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A Small Town in Kerala



As a young boy studying at the CMS College High School in the Northwest part of the Kottayam town, I and my school friends would go on long walks to explore that part of the town on Saturday afternoons after school. We would end up in strange places and would have to ask people for directions to go back to where we started. Even now at the ripe age of 82, after returning to Kottayam after a lifetime spent in strange shores, I still have the passion to wander, which is easily accomplished in the company of my wife in my Volkswagen Polo. But where have all the old routes for walkabouts vanished?

Kottayam’s geography is strange. The town is stretched along two roads, the north-south Main Central Road (MC Road) and the east-west Kottayam Kumali Road (KK Road) which intersect on a hill. Being confined to both sides of these roads on a hill, the town has not expanded over the years. The town is situated by the Meenachil River where it joins the Vembanad lake in Kumarakom.

Kottayam’s history dates back to the 15th century, when the Thekkumkoor kings had their palaces and a fort near the Thaliyil temple in Thazhathangady. The name Kottayam is considered to have come from Kotta, meaning a fort and akam meaning inside. In the mid-18th century, Marthanda Varma of Travancore attacked Thekkumkur, destroying the Thaliyil fort and annexing the region into Travancore. In the early 19th century, the kingdom was made a princely state of the British Empire.

Kottayam has had a role in major political agitations at the time of the fight for independence. The ‘Malayali Memorial‘ agitation of 1891 demanded better representation for educated persons from Travancore in the civil service. The Memorial, prepared at a meeting held in the Kottayam Public Library, was presented to the Maharaja Sri Moolam Thirunal. Kottayam also became the planning point for the Vaikom Satyagraha (1924–25); the historic struggle against untouchability.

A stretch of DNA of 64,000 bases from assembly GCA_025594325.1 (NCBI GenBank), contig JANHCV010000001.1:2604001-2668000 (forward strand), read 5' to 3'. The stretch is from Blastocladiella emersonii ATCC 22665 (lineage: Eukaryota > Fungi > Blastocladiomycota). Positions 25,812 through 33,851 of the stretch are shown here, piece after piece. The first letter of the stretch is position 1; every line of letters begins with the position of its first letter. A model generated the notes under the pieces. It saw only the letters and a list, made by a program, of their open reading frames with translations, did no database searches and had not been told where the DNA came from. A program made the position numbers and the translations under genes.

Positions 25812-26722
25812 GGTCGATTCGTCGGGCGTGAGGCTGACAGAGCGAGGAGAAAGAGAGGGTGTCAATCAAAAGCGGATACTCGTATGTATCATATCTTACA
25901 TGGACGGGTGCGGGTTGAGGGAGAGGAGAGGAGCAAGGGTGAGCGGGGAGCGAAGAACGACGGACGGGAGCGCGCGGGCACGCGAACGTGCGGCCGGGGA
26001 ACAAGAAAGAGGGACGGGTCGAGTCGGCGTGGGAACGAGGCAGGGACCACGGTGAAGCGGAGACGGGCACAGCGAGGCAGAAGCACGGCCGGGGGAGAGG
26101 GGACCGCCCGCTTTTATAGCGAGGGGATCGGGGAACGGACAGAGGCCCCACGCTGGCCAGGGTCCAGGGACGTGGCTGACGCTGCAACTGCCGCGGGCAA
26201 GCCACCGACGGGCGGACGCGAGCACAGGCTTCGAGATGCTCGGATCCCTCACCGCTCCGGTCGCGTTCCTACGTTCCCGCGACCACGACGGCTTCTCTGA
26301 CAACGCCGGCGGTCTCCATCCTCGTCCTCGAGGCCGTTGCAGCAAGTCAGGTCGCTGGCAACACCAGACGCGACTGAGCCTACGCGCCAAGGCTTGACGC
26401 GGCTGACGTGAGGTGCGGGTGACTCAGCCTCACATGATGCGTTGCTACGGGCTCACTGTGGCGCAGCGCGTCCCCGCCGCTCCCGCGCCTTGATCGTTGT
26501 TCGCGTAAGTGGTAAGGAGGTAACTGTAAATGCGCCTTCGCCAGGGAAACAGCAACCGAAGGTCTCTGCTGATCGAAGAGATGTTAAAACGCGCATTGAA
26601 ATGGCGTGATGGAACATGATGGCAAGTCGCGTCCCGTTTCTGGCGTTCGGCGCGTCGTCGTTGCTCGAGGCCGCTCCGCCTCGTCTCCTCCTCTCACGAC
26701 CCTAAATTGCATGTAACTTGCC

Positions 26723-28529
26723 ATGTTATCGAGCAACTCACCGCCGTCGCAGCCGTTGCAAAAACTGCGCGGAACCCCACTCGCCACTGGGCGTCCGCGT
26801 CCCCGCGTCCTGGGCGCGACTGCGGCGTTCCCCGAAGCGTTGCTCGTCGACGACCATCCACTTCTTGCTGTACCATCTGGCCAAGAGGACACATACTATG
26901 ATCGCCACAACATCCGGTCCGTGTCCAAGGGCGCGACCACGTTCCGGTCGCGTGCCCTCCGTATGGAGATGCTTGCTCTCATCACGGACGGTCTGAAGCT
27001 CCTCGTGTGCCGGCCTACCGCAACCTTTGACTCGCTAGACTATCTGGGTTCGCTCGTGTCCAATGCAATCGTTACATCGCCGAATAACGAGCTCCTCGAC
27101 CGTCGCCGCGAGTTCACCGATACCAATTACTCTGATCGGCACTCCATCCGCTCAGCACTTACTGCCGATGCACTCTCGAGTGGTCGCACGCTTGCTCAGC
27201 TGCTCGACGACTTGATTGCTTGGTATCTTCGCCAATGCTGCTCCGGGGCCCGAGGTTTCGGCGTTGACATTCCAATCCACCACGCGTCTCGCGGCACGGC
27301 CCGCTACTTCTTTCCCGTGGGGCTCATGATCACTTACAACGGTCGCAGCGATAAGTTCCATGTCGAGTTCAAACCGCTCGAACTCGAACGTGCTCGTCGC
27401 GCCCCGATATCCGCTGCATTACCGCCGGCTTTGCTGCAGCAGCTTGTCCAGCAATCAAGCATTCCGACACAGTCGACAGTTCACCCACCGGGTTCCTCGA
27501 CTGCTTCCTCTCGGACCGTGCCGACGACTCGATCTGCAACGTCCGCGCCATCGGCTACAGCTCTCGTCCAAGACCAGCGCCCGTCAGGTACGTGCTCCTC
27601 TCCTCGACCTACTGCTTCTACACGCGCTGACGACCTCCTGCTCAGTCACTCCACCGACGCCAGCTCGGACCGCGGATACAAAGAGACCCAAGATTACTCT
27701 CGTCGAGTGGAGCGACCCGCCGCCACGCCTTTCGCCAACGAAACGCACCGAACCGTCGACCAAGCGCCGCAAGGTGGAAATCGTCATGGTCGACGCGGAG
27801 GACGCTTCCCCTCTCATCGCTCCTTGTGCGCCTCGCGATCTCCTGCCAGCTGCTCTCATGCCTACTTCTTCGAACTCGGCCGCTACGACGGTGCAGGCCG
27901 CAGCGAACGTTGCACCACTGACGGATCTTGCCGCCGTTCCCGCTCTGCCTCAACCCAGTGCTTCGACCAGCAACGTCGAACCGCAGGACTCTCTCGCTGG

The presiding temple of Kottayam is Thirunakkara Mahadevar Shiva temple at the centre of the town. The Devi temples at Pallipurathu and Kumaranalloor, Shiva temples at Nagampadom and Thaliyil are famous Hindu temples.

The Christian tradition is strong. The Thazhathangady Valia Pally was built in the year 1550 AD by the descendants of the Knanaya Christians who migrated to India in 345 A.D. under the leadership of Kanai Thoma. The migrants represented seventy-two families from seven clans. This church is also famous for its two granite crosses known as Persian crosses. Pazhaya (Old) seminary, the Orthodox Theological Seminary at Puthenangady is more than 200 years old and have witnessed the struggles to preserve the Orthodox identity. St. Mary’s Orthodox Syrian Church, built in 1579 and commonly known as Cheriyapally (“small church”) is one of the oldest churches in Kerala. It has a European architectural sensibility with galleries, pillars, cornices and pediments. Holy Trinity Cathedral of the CSI Church, built in 1842 still preserves its architectural elegance. Thazhathangady Juma Masjid is a famous Muslim religious place of Kottayam.

Maharani Gouri Lakshmi Bai of the Travancore Royal family granted land, for the construction of a college in Kottayam (1). In 1817, Rev. Benjamin Bailey of the Church Mission Society became the first Principal of The College. Rev. Bailey’s genius is that he ensured that the academic programme at The College was as rigorous as that at the Cambridge University.

Realizing that the students entering th college were weak in English, Mathematics, and Physics, Rev. Joseph Fenn, who succeeded Rev. Bailey in 1818, started a Grammar School, which evolved into the CMS College High School. The Saga of Baker Memorial Girls’ Higher Secondary School goes back to 1816, when Amelia Dorothea Baker, wife of Henry Baker Sr, realizing that a whole society can be developed if its women were educated, started it.

In 1821, Bailey established the CMS Press. He cut the types and constructed a wooden printing press with the help of local silversmiths from descriptions learnt from an encyclopaedia. B. Bailey, who moulded the round and curvy Malayalam types with high legibility and economy is thus the first Malayalam typographer.